Coronavirus: What are new antibody tests bought by government and when will they be available?
UK government has purchased 3.5 million home testing kits, but there is uncertainty about who will get them and when
The UK government has purchased 3.5 million coronavirus antibody tests, raising hopes the kits could soon be rolled out to NHS staff and the public.
Professor Sharon Peacock, director of Public Health England’s National Infection Service, told MPs on Wednesday the tests were being checked for accuracy in laboratories this week and could be ready to use within a matter of days. She said they would be distributed to the public through Amazon and pharmacies.
But the UK’s chief medical officer, Professor Chris Whitty, later dismissed suggestions the kits could be available to buy online as soon as next week. He stressed frontline NHS workers would be prioritised for tests once they are available.
So what are the tests bought by the government and when can we expect them to be rolled out in the UK?
What are antibody tests?
The tests are designed to detect Covid-19 antibodies in a person’s blood. Antibodies are proteins made by the immune system to fight invaders such as bacteria and viruses. Their presence in the blood indicates that the body has fought off the disease and is therefore very likely to be immune from reinfection.
The testing kit looks similar to a pregnancy test and involves pricking a finger to produce a drop of blood, which is then analysed for two types of antibodies - with results available in just 15 minutes.
Will it tell you if you have coronavirus?
No. The antibody test can confirm whether someone has previously had Covid-19, but does not detect whether someone currently has the disease and remains a risk to others.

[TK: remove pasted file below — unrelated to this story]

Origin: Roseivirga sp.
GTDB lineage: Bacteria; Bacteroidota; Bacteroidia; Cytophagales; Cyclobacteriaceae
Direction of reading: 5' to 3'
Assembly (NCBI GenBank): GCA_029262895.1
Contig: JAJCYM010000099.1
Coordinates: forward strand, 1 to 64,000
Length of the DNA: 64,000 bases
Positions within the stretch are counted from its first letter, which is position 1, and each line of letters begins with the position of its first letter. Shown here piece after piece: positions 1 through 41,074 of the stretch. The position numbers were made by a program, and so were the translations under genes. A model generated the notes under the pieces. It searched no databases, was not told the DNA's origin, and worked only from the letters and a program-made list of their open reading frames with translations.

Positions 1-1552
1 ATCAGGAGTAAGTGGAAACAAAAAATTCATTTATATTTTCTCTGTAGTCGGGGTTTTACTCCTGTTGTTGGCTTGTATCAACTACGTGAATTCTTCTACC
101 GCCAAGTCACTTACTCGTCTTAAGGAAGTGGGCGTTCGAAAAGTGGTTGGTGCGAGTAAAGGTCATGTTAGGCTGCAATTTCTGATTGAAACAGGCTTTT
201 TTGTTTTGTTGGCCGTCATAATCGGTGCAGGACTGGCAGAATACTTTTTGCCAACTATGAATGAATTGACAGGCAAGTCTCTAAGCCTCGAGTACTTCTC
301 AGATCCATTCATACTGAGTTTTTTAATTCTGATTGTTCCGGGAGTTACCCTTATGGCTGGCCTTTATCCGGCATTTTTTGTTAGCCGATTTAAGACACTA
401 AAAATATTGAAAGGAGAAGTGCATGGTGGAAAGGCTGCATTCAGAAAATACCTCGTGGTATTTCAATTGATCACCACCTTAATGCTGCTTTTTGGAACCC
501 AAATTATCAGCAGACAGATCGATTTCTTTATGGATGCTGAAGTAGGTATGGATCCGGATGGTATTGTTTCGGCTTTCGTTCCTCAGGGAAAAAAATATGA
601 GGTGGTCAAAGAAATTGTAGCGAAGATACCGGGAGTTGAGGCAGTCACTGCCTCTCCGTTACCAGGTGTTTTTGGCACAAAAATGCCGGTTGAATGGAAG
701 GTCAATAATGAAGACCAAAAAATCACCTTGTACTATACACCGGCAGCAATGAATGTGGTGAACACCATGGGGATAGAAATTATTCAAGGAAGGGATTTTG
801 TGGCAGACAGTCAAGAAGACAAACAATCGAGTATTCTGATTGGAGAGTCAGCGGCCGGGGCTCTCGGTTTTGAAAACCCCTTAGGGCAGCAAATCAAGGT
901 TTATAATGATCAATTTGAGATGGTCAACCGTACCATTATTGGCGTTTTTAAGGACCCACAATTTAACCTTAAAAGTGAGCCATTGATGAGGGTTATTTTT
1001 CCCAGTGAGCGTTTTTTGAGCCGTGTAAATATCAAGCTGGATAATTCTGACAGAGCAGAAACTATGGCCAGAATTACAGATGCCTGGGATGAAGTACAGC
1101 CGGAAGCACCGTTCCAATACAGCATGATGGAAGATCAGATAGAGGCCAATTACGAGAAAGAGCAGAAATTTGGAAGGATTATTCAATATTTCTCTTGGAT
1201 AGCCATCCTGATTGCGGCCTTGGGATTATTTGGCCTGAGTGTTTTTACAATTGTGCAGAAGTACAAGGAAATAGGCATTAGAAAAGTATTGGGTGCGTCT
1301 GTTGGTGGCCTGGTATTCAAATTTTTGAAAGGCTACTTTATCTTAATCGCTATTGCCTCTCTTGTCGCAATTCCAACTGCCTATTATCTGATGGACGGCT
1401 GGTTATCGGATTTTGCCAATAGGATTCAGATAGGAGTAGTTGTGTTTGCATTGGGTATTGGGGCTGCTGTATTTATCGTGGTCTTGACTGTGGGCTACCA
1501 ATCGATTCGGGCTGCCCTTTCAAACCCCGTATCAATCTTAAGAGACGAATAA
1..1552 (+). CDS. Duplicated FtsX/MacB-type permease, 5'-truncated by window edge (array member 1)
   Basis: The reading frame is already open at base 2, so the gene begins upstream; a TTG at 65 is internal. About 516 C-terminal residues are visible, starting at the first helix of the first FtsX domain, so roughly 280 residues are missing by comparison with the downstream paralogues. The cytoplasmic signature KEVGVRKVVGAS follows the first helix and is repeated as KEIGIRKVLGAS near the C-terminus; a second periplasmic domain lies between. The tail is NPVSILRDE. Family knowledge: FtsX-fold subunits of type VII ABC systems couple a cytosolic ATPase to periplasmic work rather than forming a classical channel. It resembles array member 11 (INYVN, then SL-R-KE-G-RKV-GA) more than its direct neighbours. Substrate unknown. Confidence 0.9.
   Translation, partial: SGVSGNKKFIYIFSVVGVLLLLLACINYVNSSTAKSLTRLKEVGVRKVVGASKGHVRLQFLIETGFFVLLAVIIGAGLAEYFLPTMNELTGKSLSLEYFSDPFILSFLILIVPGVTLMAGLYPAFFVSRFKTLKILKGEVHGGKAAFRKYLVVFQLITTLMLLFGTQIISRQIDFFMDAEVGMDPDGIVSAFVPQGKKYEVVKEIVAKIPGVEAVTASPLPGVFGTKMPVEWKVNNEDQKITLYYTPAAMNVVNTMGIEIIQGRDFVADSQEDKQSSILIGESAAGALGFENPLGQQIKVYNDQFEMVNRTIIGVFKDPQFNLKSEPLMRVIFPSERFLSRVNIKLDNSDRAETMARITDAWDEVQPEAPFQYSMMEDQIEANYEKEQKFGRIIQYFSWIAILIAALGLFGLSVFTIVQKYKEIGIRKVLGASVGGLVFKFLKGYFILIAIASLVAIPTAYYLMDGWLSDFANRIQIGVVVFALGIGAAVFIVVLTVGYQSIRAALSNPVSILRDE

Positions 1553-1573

This means the kits will not address a key pressing concern of many hospitals, where a lack of coronavirus tests means NHS staff have been forced to isolate at home with undiagnosed symptoms and are unable to work.
The government has vowed to increase real-time tests for coronavirus to 25,000 a day, but on Wednesday only 6,491 were carried out - up from 5,605 on Monday.
So why would they be useful?
If they work, the tests would allow doctors and nurses who have had symptoms to know whether they had Covid-19, enabling them to return to work sooner and treat patients without fear of infecting them. Members of the public who learn they have had the virus would be able to stop social distancing and return to a relatively normal life.
Widespread testing could also allow Public Health England to build up a better picture of the spread of the disease, including by identifying people who were infected but showed no symptoms.
Can we be sure they’re accurate?
Not yet. Health chiefs are mindful that a test that does not work would be worse than no test at all, and the antibody kits are currently being checked at a laboratory in Oxford to ensure they are accurate before roll-out.
Sir Patrick Vallance, the government’s chief scientific adviser, has said accuracy is key, even if it meant the tests are available later than planned.
He told Wednesday’s Downing Street press conference: “If you tell somebody they’re immune from it, and they’re not, that is not a good position to be in. We must make sure that we get the quality of this absolutely right.¨
Will the public be able to buy them?
Prof Peacock suggested the tests would eventually be available to the public through Amazon and high street pharmacies, telling the Science and Technology Committee: “"In the near future people will be able to order a test that they can test themselves, or go to Boots, or somewhere similar to have their finger prick test done."
But Prof Whitty downplayed the prospect of that in the near future, stressing that making the tests available to frontline NHS workers was the priority.
He said: “I do not think - I want to be clear - that this is something we will suddenly be ordering on the internet next week.
"We need to go through the evaluation, then the first critical uses, and then stretch it out from that point of view."
He added there was a "global bottle neck" on the supply of the tests as other countries also look to obtain them, meaning shortages were likely.